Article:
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Paragliders fail to reach heights

Update: December, 03/2012 - 10:42

by Vu Lan Dung


Flying high: A paraglider in the sky before landing in a circle with a diameter of only 10m.
(VNS) Vietnamese paragliders didn't make the top three in either the men's or women's event at the first Viet Nam Paragliding Open held recently in the northern province of Hoa Binh.

However, Tengku Abdillah Bin Tengku Hassan, vice-president of the International Air Sports Federation for East and Southeast Asia, said that Vietnamese competitors had improved since the 26th Southeast Asian Games in Indonesia last year.

"Vietnamese paragliders were not good at first, but they quickly learned from athletes from other countries," he said. "When they returned to Viet Nam, they knew how to practise correctly," he said.

Paragliding involves taking off from the top of a hill on a motorless cloth and glider.

Hassan said that the sport could quickly develop if governments helped provide equipment, gave pilots access to suitable high places and encouraged training. "You can see how much Viet Nam's badminton and sepak takraw have improved over the past 10 years. That's all thanks to the Government," Hassan said.

"Viet Nam has a lot of potential to develop air sports," he added. "The Malaysia Sports Aviation Federation sent referees to Viet Nam to train budding paragliders and is prepared to organise training. We will invite top performers from Europe so that Asian competitors can learn international standards."

Hassan said Malaysia was also trying to establish the sport in Laos, Cambodia and Myanmar.

Nguyen Tran Thi Anh, who brought home a silver medal in the women's event at the third Thailand Paragliding King's Cup Open in April, said she admired Malaysian, Indonesian and Thai paragliders.

Paragliding has become more popular in Ha Noi and HCM City in recent years. Four clubs in the two cities have a total of about 200 members.

Pham Quang Tuan, president of the Ha Noi Vietwings Club, said: "People of all ages can join if they don't have heart disease or high blood pressure."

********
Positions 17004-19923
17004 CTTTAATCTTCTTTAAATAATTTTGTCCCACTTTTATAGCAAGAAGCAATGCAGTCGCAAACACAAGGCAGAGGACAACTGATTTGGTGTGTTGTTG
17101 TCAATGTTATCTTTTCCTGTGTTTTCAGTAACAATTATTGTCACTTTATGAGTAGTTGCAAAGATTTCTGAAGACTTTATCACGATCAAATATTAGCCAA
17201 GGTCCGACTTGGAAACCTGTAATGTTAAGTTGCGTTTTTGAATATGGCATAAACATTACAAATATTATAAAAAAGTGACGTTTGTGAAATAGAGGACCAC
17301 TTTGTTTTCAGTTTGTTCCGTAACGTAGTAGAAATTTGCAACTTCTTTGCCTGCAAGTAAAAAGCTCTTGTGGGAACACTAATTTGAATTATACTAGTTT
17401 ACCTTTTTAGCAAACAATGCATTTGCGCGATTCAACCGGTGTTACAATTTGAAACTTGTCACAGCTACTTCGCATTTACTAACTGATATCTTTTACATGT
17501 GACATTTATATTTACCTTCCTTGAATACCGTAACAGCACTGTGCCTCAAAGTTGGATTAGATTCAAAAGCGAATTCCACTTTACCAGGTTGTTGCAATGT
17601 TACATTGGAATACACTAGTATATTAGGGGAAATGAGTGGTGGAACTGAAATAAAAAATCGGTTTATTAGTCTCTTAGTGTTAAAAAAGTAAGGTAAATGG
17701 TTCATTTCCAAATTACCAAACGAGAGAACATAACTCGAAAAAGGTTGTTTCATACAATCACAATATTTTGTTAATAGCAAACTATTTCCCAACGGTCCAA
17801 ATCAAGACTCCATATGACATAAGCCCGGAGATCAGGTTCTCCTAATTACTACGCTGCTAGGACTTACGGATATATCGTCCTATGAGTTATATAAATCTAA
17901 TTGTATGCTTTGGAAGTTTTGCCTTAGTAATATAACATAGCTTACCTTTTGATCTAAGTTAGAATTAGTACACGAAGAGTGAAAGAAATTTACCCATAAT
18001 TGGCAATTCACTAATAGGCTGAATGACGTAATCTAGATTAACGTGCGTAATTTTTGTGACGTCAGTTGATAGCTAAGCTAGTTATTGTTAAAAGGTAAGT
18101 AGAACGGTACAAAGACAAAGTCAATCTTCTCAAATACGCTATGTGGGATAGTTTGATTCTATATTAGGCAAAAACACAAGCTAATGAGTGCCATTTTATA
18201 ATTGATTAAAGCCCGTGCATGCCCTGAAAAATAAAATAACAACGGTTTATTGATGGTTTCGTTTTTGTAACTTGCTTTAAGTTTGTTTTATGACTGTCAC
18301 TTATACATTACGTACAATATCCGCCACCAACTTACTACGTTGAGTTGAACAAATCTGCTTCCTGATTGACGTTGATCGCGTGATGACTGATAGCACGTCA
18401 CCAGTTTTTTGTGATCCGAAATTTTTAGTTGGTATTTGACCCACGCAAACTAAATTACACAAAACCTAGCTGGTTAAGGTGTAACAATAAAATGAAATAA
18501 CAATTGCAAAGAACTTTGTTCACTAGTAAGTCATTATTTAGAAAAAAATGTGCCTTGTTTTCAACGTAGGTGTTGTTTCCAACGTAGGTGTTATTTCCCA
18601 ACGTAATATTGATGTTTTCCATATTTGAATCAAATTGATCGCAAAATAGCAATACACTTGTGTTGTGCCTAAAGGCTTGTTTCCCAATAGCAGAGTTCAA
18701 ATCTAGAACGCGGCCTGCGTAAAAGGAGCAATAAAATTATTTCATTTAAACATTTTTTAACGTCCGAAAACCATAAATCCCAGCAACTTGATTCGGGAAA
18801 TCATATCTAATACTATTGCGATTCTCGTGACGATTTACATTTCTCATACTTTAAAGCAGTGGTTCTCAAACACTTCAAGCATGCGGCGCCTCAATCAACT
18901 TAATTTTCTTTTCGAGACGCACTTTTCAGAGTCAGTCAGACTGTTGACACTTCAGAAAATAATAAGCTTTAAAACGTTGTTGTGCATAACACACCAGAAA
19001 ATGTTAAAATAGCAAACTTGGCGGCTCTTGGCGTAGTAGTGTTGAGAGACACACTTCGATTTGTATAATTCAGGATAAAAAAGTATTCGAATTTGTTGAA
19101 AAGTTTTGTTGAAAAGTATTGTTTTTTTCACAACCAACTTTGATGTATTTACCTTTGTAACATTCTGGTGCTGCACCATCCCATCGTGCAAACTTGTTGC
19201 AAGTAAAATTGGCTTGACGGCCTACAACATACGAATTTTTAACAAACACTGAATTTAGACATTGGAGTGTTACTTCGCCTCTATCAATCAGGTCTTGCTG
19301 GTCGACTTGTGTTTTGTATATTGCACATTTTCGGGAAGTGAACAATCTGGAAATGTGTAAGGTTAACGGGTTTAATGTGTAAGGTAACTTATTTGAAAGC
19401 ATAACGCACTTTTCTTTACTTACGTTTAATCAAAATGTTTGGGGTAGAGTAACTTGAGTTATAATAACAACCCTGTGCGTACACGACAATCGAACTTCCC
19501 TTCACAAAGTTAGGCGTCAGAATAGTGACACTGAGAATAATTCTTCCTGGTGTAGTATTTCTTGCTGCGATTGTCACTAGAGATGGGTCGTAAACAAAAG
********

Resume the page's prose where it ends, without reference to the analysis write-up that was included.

He added that it cost around VND20 million (US$960) to learn to fly, which was not expensive if compared to owning a motorbike.

Newcomers are taught how to take off and land and check the wind direction. They are not allowed to take off if the weather is cloudy or rainy and the speed of the wind is more than seven metres a second. Participants first practise on low hills with an instructor before being allowed to fly solo.

"Paragliders receive information on wind direction and speed through walkie-talkies," Tuan said, adding that when the weather was not perfect, fliers had to climb down with all their gear.

Journalist Pham Thu Trang was attracted by paragliding after making a report on a local tournament for the Radio the Voice of Vietnam.

"I was very worried at first, even though I was with an experienced pilot, but I said to myself that if others could do it, so could I," she said.

"The great experience urged me to register for their course, flying a paraglider is completely different from sitting on a plane. If the wind is strong, you can glide in the sky for a long time and view the beauty of the land from above."

One of the oldest fliers, Nguyen Huu Nam, who is more than 60, chose paragliding as a way to reduce stress. "It makes me feel I have a power that I have never had before," he said.

Ha Noi paragliders often practice on Vien Nam Mountain in Thach That District's Yen Binh Commune and Doi Bu Mountain in Chuong My District's Nam Phuong Tien Commune. — VNS

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